2nd Round, Justin Hunter, WR: I love his size and speed. Before 2012, he was considered to have great hands. His hands were very streaky in 2012 though. With his great height, elite speed, and his aggressiveness to go up and get the ball, I'd take the risk that his hands return to pre-2012 levels.
2nd Round, Jordan Poyer, CB: Banks and Rhodes are likely gone by this point. Poyer is solid, but not great in many areas. He already shows solid technique when he turns to run with the receiver. He is one of the better man cover corners though, but he may struggle with bigger WRs because of his lack of height and strength. He is an aggressive corner though that certainly can make some plays.
3rd Round, Dallas Thomas, OT/OG: He is a solid prospect at either position. He played LT for the Vols in 2011 and allowed 0 sacks against both Melvin Ingram and Jadaveon Clowney, showing he is more than adequate at OT. Even if he does not excel at OT, he should be a well above-average OG in the NFL.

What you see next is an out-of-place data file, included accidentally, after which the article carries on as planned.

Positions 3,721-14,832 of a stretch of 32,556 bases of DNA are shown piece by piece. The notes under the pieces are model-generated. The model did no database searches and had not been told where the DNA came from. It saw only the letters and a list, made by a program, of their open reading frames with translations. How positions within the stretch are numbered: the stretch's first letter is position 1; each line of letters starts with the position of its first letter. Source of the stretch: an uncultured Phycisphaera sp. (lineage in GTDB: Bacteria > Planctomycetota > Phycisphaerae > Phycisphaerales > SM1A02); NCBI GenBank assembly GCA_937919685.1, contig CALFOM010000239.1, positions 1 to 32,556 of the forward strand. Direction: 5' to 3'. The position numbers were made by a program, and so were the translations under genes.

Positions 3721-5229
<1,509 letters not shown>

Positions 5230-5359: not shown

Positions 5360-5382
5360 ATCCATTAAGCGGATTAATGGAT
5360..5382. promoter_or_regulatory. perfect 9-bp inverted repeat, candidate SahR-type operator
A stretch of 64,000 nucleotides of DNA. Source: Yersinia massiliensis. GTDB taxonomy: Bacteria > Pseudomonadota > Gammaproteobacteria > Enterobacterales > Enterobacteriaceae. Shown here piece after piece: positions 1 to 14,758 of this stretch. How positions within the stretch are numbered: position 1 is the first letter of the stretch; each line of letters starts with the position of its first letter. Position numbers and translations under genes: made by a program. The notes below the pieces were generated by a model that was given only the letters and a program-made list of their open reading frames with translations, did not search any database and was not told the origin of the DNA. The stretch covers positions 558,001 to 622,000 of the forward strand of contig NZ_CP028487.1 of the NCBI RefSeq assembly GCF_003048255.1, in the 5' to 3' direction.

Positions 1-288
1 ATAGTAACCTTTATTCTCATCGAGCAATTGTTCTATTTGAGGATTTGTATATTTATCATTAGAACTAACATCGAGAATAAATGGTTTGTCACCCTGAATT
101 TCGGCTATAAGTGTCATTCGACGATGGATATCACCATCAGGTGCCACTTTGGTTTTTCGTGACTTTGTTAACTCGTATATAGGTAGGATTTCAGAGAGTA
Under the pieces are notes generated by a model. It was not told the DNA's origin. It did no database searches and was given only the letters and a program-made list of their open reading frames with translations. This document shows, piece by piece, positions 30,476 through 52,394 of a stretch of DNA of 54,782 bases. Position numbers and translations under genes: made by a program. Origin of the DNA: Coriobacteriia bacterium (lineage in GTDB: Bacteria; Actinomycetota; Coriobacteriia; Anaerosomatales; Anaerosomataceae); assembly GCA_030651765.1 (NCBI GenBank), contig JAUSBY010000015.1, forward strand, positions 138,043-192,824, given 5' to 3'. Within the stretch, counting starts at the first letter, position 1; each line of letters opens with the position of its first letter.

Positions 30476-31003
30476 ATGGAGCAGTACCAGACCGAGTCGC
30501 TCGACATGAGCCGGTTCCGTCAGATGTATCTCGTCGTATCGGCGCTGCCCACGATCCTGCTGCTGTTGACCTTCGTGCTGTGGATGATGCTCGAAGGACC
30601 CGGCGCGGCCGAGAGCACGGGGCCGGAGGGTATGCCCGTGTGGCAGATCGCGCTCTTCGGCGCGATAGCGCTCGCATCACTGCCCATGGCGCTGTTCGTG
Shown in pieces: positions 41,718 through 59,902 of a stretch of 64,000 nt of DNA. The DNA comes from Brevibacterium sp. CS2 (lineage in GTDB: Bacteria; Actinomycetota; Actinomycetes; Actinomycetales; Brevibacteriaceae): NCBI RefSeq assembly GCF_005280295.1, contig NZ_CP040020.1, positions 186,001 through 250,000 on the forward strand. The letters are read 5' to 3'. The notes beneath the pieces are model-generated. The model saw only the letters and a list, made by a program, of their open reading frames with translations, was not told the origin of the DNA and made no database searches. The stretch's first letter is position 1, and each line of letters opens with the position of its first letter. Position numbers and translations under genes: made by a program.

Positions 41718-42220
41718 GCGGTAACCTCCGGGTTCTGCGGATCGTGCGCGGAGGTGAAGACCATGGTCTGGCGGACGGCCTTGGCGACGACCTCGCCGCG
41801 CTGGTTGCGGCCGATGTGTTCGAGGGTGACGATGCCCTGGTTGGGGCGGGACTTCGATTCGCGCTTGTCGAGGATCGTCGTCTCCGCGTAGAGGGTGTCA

3rd Round, Da'Rick Rogers, WR: Doubling up on WRs in back-to-back rounds? Why yes I am. Why? Because I don't have Miami re-signing Hartline or another #2 WR in free agency. Rogers is a superbly talented WR. He has good speed and exceptional strength. He could be a target all over the field and he is not an easy player to tackle. He would go much higher if he wasn't immature. Team violations got him kicked off the Vols, but he did lack effort when he wasn't the primary target with Tennessee as well. You'd hope he matures and if he does, Miami would get a solid return on the investment. You may have thought Miami's WR corps looked weak if you stopped reading after the free agency section. Would you feel bad though if Miami went into 2013 with Jennings, Hunter, Bess, and Rogers as their WRs along with Bennett as the new TE? I sure wouldn't! In fact, I'd be very excited about the potential of the passing game.